GET_INVALIDS        20-1 XXX_WF_UTILS.get_invalids 26-7-2009 14:26:37 26-7-2009 14:26:38 COMPLETE
LOOPCOUNTER         20-1 WF_STANDARD.LOOPCOUNTER   26-7-2009 14:26:38 26-7-2009 14:26:38 COMPLETE EXIT
AND                 20-1 WF_STANDARD.ANDJOIN       26-7-2009 14:26:38                    WAITING
WAITFORFLOW         20   WF_STANDARD.WAITFORFLOW   26-7-2009 14:26:38                    NOTIFIED

 

I purposely left the ‘Defer’ in the ‘DBA_MAIN_PROCESS’ so we can see the status while the ‘DBA_MAIN_PROCESS’ is running. When the workflow engine could not process ‘DBA_MAIN_PROCESS’ further, it returned to the original item, and executed ‘WAITFORFLOW’, which of course got the ‘NOTIFIED’ status.
We can also see the parent_child relationship by querying ‘WF_ITEMS’:

 

select item_type
,      item_key key
,      begin_date
,      parent_item_type parent_type
,      parent_item_key  parent_key
from   wf_items
where  item_type='DBA_TYPE'
and    item_key like '20%'

 

 

ITEM_TYPE KEY  BEGIN_DATE         PARENT_TYPE PARENT_KEY
DBA_TYPE  20-1 26-7-2009 14:26:37 DBA_TYPE    20
DBA_TYPE  20   26-7-2009 14:26:37  

 

Now when we run a background engine, and check again:

 

INSTANCE_LABEL      KEY  FUNCTION                  BEGIN_DATE         END_DATE           STATUS   RESULT
DBA_CONTROL_PROCESS 20                             26-7-2009 14:26:37 26-7-2009 14:38:40 COMPLETE #NULL
START               20   START                     26-7-2009 14:26:37 26-7-2009 14:26:37 COMPLETE #NULL
XXX_LAUNCH_CHILD    20   xxx_launch_child          26-7-2009 14:26:37 26-7-2009 14:26:38 COMPLETE COMPLETE
DBA_MAIN_PROCESS    20-1                           26-7-2009 14:26:37 26-7-2009 14:38:40 COMPLETE #NULL
START               20-1 START                     26-7-2009 14:26:37 26-7-2009 14:26:37 COMPLETE #NULL
INITIALIZE_FLOW     20-1 XXX_WF_DBA.init           26-7-2009 14:26:37 26-7-2009 14:26:37 COMPLETE COMPLETE
COMPARETEXT         20-1 WF_STANDARD.COMPARE       26-7-2009 14:26:37 26-7-2009 14:26:37 COMPLETE EQ
CHECK_INVALIDS      20-1 XXX_CHECK_INVALIDS        26-7-2009 14:26:37 26-7-2009 14:26:37 COMPLETE Y
GET_INVALIDS        20-1 XXX_WF_UTILS.get_invalids 26-7-2009 14:26:37 26-7-2009 14:26:38 COMPLETE
LOOPCOUNTER         20-1 WF_STANDARD.LOOPCOUNTER   26-7-2009 14:26:38 26-7-2009 14:26:38 COMPLETE EXIT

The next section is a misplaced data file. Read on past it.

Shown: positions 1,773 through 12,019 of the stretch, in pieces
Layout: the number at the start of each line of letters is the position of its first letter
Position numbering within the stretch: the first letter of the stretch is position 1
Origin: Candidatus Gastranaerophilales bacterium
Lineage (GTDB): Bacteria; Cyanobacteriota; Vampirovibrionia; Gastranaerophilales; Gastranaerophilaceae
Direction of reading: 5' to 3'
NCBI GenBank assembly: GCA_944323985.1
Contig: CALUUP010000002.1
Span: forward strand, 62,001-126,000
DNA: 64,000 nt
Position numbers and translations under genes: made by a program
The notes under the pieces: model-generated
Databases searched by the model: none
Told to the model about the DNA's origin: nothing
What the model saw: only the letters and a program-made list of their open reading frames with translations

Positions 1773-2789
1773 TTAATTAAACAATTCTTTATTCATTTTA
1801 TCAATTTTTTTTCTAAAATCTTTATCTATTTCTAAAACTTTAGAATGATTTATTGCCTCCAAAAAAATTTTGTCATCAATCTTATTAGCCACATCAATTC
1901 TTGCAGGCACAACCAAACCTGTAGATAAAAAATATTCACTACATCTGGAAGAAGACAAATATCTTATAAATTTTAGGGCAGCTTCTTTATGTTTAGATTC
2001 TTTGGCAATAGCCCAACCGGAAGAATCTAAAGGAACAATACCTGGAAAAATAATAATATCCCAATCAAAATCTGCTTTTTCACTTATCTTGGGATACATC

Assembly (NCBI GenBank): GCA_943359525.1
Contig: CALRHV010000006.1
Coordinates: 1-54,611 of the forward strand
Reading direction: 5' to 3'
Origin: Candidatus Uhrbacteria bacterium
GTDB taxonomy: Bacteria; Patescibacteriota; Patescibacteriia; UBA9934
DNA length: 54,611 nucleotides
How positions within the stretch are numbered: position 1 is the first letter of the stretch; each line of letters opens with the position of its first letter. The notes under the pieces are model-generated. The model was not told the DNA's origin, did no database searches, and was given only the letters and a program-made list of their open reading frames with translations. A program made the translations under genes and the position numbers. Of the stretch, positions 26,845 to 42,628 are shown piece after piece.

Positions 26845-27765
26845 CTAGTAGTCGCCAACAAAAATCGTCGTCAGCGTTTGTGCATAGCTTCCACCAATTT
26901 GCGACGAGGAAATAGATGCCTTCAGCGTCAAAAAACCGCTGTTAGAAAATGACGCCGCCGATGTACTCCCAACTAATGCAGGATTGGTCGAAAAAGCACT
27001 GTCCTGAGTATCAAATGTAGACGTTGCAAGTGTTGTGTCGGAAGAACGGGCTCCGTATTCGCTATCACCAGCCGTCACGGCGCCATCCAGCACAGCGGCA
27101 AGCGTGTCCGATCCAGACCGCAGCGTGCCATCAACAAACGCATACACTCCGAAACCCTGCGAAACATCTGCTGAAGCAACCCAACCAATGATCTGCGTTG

WAITFORFLOW         20   WF_STANDARD.WAITFORFLOW   26-7-2009 14:26:38 26-7-2009 14:38:40 COMPLETE #NULL
DEFER               20-1 WF_STANDARD.DEFER         26-7-2009 14:38:40 26-7-2009 14:38:40 COMPLETE #NULL
AND                 20-1 WF_STANDARD.ANDJOIN       26-7-2009 14:38:40 26-7-2009 14:38:40 COMPLETE #NULL
CONTINUEFLOW        20-1 WF_STANDARD.CONTINUEFLOW  26-7-2009 14:38:40 26-7-2009 14:38:40 COMPLETE #NULL
END                 20   END                       26-7-2009 14:38:40 26-7-2009 14:38:40 COMPLETE #NULL
END-1               20-1 END                       26-7-2009 14:38:40 26-7-2009 14:38:40 COMPLETE #NULL

 

The ContinueFlow nicely completed the ‘WaitforFlow’ and both items  completed successfully.

So how does the ‘ContinueFlow’ activity know which process_activity to continue? The first check being done is  whether the activity_attribute ‘Waiting Flow’ is set to Master or Detail. When it is set to ‘Detail, the ContinueFlow is a parent process. So it will look for it’s children in wf_items, and complete all activities that have the instance_label from the ‘Waiting Activity Label’ activity_attribute.

When it is set to ‘Master’, this is just one of the (possibly) multiple children that have completed. So it will count the number of children for the parent item. And check all of them to see if they have reached the  ‘ContinueFlow’ process_activity. When all children have reached the ‘ContinueFlow’, the last item will complete the activity on the parent item.

Of course it is possible for a parent item to have multiple ‘WaitforFlow’ activities, for different child items. In this case, you need to distinguish the different parent/child relationships.  That is where the ‘parent_context’ parameter from the ‘SetItemParent’ function comes in.
The parent_context can be used to group together all child items that were started from the same process_activity.